In this pipeline model, the only input from the public is what are perceived as their preferences: they influence the journalists on what to write and the press officers of research institutions on how to “angle” their press releases. This model, however, becomes quite inadequate to deal with what can be considered as the greatest hype of the pandemic—the hydroxychloroquine craze.

1.2 Background

Chloroquine (CQ) and its less aggressive version, hydroxychloroquine (HCQ), are both molecules that have been used for almost a century in the control of malaria and, more recently, for autoimmune diseases such as lupus erythematosus (SLE) and rheumatoid arthritis (RA).

The drugs have exhibited antiviral activity in vitro, attributed to blocking viral entry through the disruption of endosomal pH. Anecdotal evidence of the use of HCQ in SLE patients became available during the early days of the pandemic in China, and the Chinese government issued a statement—not a scientific paper—detailing the use of CQ as a possible treatment for COVID-19 (Gao et al., 2020).

The now infamous clinical trial conducted in France, at the Institut Hospital-Universitaire in the city of Marseille (IHU), by prominent doctor and researcher Didier Raoult, that created the HCQ hype, had several serious methodological flaws: it was not randomized, control patients were treated in different hospitals and not with a standardized protocol, there was no intention-to-treat, data were missing from several patients, and six patients in the treatment group were simply excluded from the final analysis, all of whom had deteriorated, left voluntarily because of side effects, or died (Gautret et al., 2020).

Nevertheless, Raoult went to social media announcing that HCQ was a “game changer” that would end the pandemic and cure COVID-19. The news reached President Donald Trump in the United States and echoed in Brazil in President Bolsonaro’s ears. There followed a great number of deeply flawed studies, with no control groups, questionable statistics, and biased methodology.

Good science, however, soon began to tell a different tale. Of note, an article published in NEJM analyzed postexposure prophylactic use and found no benefits (Boulware et al., 2020), and the Recovery trial, a thorough and comprehensive randomized trial conducted in the United Kingdom, found no benefits in mortality or time to recovery. After these results, HCQ trials enrollments were halted in the United Kingdom and in the Solidarity trials conducted by the WHO.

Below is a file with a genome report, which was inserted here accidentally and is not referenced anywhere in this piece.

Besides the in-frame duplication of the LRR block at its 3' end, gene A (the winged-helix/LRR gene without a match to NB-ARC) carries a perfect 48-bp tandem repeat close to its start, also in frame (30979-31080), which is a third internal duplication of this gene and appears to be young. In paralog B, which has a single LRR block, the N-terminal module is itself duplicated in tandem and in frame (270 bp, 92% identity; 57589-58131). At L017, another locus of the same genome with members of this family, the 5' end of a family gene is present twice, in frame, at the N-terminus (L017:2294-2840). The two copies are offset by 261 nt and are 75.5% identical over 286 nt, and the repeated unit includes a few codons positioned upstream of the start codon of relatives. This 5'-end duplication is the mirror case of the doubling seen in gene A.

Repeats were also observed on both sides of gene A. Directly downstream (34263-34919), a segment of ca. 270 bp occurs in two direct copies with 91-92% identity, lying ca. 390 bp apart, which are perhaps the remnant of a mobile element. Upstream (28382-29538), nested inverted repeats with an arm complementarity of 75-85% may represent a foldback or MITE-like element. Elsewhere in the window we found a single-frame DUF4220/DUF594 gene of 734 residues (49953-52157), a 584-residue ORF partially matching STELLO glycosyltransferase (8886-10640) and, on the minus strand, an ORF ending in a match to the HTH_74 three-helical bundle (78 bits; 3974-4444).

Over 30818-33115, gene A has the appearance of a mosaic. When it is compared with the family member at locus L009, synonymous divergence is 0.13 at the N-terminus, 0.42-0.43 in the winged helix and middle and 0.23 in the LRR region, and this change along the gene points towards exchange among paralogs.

These decisions were echoed in the United States, and the FDA revoked its previous decision to allow emergency use of HCQ. In Brazil, the Ministry of Health carried on as if nothing happened. Not only did the Brazilian Ministry authorize and recommend the use of HCQ for COVID-19, at the earliest appearance of symptoms, it has recently extended the recommendation for pregnant women and pediatric use.

The politicization of the issue was doubly enhanced in Brazil after the announcement that President Jair Bolsonaro had contracted the new coronavirus, and the President himself went online to say that he was recovering well “thanks to chloroquine.” All in all, the chloroquine affair appears as one of those instances in which hype is no longer just an exaggeration of scientific research but simply becomes one more claim not backed by evidence, which in turn cannot be different from plain fraud (Weingart, 2017).

The hyping of HCQ had serious public policy and public health consequences for Brazil. The Ministry of Health issued two national guidelines for its use, recommending it for both hospitalized and early-stage patients (Ruprech, 2020), and Bolsonaro himself said, without presenting any evidence, that the use of HQC could have avoided 30% of all COVID-19 deaths in Brazil (Bolsonaro 2020). The widespread belief—fostered by the Federal Government—that the early use of HQC could prevent more serious forms of COVID-19 very likely contributed to the low public adherence to social isolation and mask-use protocols (Fávero, 2020; Afiune et al., 2020).

1.3 The New Model